Music

A Mad Culture Ep 5: Quamina MP Talks Collaborating With Sarkodie & The Loss of His Dad

 

While behind the bar and making a cocktail (a concoction of his own) for himself and Kojo Manuel, Quamina MP takes us through never-before-discussed topics about his life, catapulting into the universe of mainstream Amapiano, his upcoming album, and more.

 

Choco with Kelvyn Boy; I’ve said this a million times. It’s one of my favorite songs, but I feel like it didn’t quite hit the spot for people. Does it hurt when you make a song that’s really good, but it doesn’t become as big as it’s supposed to be?

Quamina MP: Yo that song is very good, it’s a really good song. Even before we released that song, we all felt like the song was hard. Cause’ if you hear the song, if you listen to it, you’ll know that it’s a good song. But I wouldn’t say it hurts. That’s how it is. I mean, you can’t force it. You do your best and expect it to get big but if it doesn’t, you don’t have to blame anybody.

I realized you did production for “Kenkey Seller,” which is mad. Right now you’re like a bonafide producer.

Quamina MP: Right now I don’t really produce much. I used to do more of the production. I would produce the beat and I would get the vibe, but these days I don’t do that much production. But even with that, my upcoming album has about six or seven songs produced by me.

So you’re confirming that the album is coming?

Quamina MP: The truth is, it was supposed to come out this month, but there is more work that needs to go into it. Sometimes it’s a case of “I feel like I should have this song, or take the other one out.” We keep going back and forth. Sometimes too it’s like “I love this song, can you put it on the album?” When it comes to the features too, sometimes you can wait for the feature and it doesn’t come through.

How much would you say losing your dad has changed you?

Quamina MP: I still haven’t figured out some things, you know? I feel it doesn’t really go away. I try to be very strong. I know that I’m a very strong boy. I feel like it’s done a lot, because I feel like my energy these days compared to my energy from before is not the same. I didn’t realize until I met people who were telling me things like “your energy is down, I see that you’re slow.” “Sometimes you look worried.” Things like that. That was when I realized that it was showing, and that I was really thinking about my dad, about what happened. One thing that inspires me is, even though he is not alive, he would still want me to keep pushing.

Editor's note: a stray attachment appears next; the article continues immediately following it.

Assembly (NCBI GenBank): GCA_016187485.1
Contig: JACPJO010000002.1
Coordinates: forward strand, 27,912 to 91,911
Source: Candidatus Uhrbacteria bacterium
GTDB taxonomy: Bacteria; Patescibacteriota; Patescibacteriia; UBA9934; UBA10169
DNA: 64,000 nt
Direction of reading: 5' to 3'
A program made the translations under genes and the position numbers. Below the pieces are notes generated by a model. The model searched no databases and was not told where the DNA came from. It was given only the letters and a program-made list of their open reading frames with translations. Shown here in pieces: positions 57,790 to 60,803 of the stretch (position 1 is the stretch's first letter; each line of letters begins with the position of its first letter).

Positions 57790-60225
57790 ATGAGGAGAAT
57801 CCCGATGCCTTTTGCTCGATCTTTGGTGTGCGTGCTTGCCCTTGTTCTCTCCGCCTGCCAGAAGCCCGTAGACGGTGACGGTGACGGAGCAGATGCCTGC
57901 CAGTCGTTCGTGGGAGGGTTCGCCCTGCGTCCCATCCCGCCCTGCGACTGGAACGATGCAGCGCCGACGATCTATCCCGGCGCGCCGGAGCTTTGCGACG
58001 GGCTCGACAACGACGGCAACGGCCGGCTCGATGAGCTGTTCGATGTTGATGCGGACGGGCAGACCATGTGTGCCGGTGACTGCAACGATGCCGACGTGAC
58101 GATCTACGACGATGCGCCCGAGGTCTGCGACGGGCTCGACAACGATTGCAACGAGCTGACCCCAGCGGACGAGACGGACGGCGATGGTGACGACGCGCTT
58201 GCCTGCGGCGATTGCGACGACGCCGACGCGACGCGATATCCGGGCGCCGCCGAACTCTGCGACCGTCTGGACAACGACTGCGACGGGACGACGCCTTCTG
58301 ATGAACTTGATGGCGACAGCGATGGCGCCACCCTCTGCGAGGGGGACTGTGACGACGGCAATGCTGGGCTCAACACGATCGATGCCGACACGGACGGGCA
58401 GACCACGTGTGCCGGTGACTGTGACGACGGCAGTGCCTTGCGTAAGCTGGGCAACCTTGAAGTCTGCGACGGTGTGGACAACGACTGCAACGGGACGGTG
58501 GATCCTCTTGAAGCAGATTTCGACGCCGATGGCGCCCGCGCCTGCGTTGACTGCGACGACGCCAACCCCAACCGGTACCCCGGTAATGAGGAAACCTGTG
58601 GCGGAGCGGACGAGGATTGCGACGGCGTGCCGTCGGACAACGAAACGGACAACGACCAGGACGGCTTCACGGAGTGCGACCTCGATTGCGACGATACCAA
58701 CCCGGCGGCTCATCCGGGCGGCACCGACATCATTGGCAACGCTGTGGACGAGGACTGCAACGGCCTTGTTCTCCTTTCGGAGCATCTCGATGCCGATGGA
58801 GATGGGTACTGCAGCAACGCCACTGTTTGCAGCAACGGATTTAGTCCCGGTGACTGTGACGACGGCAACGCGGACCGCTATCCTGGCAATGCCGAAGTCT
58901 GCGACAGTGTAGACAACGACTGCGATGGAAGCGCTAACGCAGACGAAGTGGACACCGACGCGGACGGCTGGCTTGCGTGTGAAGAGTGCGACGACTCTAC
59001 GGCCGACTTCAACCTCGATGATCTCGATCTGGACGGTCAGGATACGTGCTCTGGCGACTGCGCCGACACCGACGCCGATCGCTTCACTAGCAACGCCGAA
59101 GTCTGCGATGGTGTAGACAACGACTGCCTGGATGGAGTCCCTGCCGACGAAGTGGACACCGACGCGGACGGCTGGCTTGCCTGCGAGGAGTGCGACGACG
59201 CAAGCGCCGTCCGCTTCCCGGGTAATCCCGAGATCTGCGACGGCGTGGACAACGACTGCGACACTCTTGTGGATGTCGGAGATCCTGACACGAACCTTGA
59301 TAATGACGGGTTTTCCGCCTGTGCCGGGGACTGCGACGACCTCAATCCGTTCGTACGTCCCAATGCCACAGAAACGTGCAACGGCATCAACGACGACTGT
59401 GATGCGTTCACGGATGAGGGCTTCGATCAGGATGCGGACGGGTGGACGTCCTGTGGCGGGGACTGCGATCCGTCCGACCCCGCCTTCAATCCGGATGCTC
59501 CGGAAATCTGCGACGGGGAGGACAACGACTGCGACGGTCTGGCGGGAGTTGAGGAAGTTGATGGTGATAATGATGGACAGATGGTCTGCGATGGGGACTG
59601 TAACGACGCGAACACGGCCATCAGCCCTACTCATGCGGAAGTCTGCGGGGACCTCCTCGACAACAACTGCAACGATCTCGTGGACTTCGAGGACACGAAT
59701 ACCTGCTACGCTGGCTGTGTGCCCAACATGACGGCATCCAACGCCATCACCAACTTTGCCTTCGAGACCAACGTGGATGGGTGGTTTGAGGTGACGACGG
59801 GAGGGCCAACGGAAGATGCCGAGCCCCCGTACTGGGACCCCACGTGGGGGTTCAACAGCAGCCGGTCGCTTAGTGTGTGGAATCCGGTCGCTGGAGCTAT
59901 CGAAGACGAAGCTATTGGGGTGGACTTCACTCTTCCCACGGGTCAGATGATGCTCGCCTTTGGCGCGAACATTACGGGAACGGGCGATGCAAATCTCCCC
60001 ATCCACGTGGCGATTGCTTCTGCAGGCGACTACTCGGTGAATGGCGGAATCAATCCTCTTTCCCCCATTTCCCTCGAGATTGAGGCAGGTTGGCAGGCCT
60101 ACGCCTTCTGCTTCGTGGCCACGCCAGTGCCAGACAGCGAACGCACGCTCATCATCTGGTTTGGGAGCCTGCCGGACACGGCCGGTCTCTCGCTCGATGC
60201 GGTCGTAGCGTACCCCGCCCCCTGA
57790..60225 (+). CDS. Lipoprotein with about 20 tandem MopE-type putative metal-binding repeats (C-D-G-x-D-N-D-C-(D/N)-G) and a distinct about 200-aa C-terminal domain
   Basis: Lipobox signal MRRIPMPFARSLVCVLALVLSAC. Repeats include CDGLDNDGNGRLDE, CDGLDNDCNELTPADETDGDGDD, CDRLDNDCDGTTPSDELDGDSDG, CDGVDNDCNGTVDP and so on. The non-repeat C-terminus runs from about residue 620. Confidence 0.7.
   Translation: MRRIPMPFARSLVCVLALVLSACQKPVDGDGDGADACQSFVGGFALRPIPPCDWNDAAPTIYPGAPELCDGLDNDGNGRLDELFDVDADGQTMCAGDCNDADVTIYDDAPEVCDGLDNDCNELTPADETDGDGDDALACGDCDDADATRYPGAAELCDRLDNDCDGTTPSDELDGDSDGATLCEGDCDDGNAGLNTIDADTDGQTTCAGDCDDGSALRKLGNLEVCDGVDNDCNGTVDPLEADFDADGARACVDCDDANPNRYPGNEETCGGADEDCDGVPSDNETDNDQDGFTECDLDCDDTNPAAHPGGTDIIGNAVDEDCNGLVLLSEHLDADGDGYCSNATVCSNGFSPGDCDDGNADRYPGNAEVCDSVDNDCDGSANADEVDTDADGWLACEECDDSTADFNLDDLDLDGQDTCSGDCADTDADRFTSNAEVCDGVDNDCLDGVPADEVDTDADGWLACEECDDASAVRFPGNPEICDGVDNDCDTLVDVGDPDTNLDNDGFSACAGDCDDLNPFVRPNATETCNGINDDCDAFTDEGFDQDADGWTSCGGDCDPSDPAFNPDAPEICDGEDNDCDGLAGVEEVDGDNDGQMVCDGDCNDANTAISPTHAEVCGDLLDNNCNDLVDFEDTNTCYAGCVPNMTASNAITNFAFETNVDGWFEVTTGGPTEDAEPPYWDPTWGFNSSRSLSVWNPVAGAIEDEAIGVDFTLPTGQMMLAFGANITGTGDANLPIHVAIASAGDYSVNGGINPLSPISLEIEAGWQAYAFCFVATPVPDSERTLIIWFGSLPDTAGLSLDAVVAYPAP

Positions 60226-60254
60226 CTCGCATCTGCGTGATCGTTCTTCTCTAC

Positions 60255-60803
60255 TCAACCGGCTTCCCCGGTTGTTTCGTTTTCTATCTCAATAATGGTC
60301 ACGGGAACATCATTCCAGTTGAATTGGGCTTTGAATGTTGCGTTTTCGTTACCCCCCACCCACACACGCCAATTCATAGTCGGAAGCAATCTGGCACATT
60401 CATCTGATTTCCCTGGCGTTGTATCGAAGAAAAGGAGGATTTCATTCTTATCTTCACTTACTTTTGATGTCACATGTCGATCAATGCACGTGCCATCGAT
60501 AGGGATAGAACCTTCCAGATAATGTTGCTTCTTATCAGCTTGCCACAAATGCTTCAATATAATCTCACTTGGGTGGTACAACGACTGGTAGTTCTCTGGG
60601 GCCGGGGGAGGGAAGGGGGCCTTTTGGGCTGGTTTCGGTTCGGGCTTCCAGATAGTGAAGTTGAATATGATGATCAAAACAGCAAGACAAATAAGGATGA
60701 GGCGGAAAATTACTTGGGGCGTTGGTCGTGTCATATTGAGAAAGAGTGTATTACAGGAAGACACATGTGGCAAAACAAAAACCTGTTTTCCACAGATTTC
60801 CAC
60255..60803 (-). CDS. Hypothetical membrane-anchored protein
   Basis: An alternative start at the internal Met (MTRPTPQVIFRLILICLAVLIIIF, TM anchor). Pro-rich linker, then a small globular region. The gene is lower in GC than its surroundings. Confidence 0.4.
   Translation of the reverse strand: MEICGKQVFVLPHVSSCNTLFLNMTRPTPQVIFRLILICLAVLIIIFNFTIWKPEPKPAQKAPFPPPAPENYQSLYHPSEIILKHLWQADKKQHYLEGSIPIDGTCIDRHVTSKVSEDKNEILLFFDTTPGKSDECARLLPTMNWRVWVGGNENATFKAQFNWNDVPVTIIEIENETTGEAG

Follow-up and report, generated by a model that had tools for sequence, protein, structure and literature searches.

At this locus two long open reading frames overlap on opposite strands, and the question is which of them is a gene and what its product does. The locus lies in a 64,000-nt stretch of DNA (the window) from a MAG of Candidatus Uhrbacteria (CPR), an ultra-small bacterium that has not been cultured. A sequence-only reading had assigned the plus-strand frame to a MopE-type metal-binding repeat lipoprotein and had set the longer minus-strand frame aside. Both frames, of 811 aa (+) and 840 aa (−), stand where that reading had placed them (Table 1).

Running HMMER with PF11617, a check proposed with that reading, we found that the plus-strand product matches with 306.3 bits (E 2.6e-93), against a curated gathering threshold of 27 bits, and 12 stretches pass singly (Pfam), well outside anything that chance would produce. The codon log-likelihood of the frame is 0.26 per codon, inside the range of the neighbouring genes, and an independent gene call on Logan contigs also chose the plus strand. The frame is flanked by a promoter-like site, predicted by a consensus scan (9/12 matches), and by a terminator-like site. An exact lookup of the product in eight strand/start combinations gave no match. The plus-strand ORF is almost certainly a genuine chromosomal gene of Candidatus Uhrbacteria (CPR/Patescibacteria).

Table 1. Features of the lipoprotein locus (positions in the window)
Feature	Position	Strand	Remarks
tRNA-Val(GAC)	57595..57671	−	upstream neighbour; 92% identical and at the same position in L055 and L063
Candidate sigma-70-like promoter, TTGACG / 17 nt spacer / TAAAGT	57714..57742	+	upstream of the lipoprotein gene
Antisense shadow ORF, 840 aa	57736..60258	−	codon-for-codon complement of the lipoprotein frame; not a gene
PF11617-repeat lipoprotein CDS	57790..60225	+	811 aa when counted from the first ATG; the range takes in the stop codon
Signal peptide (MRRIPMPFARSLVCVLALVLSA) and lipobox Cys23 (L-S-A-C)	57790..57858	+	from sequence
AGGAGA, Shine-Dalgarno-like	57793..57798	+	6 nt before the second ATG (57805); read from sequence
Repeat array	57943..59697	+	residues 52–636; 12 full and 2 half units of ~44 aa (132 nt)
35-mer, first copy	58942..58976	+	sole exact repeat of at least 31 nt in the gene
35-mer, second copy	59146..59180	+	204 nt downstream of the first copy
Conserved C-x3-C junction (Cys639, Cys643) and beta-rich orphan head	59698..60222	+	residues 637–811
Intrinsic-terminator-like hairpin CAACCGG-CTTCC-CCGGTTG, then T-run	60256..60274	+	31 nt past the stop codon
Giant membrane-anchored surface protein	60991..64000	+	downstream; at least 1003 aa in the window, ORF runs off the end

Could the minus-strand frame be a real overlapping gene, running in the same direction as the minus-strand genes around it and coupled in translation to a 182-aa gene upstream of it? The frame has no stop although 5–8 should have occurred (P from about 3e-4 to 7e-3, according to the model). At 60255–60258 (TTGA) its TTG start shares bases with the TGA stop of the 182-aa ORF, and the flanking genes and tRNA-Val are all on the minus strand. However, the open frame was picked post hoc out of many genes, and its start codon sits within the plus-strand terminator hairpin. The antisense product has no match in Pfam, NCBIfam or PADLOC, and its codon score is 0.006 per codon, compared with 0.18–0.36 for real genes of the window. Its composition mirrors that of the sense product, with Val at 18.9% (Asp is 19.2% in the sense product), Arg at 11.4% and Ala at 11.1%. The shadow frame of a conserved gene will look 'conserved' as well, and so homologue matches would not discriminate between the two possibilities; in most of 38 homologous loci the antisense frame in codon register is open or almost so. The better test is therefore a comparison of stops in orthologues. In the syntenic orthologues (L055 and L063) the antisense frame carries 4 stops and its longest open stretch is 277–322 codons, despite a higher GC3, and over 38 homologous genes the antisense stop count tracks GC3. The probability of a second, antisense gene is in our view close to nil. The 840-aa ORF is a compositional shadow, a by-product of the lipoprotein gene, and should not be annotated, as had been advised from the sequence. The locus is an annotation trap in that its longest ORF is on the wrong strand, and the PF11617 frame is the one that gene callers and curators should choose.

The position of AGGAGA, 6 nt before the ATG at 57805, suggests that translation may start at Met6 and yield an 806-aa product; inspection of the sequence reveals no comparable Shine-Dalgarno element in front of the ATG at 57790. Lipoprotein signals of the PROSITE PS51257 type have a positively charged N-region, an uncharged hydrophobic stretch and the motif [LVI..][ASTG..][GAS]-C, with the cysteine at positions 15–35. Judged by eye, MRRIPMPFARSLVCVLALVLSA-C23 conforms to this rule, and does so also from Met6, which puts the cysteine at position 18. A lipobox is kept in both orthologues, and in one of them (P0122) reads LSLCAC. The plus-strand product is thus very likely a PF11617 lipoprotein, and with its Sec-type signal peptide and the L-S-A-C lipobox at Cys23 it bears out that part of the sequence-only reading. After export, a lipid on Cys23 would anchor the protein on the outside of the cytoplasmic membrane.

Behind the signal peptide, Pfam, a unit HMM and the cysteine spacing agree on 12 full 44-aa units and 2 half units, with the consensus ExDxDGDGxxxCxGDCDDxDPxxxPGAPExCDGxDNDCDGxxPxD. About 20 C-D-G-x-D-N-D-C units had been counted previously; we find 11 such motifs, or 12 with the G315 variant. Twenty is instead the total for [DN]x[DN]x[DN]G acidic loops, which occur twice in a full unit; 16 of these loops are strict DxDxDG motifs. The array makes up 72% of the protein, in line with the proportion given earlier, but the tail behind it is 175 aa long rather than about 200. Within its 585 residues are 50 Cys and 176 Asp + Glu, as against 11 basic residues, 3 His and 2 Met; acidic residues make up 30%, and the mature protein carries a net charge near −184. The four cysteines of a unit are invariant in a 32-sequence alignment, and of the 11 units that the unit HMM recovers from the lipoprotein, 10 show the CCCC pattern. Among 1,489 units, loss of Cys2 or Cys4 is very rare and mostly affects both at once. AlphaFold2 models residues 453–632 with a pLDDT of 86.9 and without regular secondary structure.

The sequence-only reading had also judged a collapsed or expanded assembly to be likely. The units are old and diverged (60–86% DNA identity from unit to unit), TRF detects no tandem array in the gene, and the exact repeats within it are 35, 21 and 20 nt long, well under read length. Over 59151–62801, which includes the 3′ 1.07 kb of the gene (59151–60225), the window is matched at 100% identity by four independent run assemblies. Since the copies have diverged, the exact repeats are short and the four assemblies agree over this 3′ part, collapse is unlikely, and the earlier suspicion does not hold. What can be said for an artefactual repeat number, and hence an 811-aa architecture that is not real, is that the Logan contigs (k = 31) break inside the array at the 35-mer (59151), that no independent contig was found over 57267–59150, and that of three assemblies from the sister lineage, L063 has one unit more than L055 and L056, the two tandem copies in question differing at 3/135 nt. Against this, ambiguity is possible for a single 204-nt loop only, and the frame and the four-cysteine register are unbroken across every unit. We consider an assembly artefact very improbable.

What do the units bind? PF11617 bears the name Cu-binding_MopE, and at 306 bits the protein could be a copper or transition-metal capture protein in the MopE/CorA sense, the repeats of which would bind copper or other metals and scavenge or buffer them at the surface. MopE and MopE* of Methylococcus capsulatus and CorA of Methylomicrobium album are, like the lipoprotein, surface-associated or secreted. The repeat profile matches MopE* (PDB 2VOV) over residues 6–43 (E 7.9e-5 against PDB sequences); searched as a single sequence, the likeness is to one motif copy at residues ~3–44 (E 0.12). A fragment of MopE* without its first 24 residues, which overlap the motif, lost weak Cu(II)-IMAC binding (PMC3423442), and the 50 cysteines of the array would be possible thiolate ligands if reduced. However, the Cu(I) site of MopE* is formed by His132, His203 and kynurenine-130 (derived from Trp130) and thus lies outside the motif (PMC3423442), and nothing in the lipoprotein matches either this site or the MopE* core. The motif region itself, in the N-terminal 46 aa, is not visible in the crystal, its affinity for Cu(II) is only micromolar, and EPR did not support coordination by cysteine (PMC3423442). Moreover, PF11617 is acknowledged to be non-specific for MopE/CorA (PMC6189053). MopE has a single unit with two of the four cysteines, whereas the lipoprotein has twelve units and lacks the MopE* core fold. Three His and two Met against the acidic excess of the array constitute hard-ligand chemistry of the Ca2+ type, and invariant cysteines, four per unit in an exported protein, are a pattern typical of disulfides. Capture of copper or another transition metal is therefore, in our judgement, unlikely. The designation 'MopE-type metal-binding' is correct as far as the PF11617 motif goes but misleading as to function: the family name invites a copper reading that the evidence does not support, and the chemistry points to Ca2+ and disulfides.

When I realized that you had a song with Sarkodie, I thought to myself, that’s a dream for a lot of people. How did it happen?

Quamina MP: Those days, I used to listen to Obidi, and I loved him. I dreamt lots of times that one day this music thing would make sense. Those days, I would even wish just to meet him. God being so good, my song grew big. Big shout outs to Angel Town, Sarkodie’s manager. Angel Town was one of the people who helped make “Wiase Y3 D3” a big one. Even before the song came out, Angel was playing it in his car, and putting it on his snaps. People would send me stuff saying Sarkodie’s Manager has posted my song, so I should go check.

Were you in the studio with him (Sarkodie) or he sent a verse?

Quamina MP: I actually sent the song to Angel and I told him that I’d like to have Sark on it. So when I got Obidi’s verse, I said “herh, dreams do come true.” So wherever you are, wherever you’re from, you can make it. For real

Watch episode 5 below:

The post A Mad Culture Ep 5: Quamina MP Talks Collaborating With Sarkodie & The Loss of His Dad appeared first on DCLeakers.com.

Source: Ghana Music

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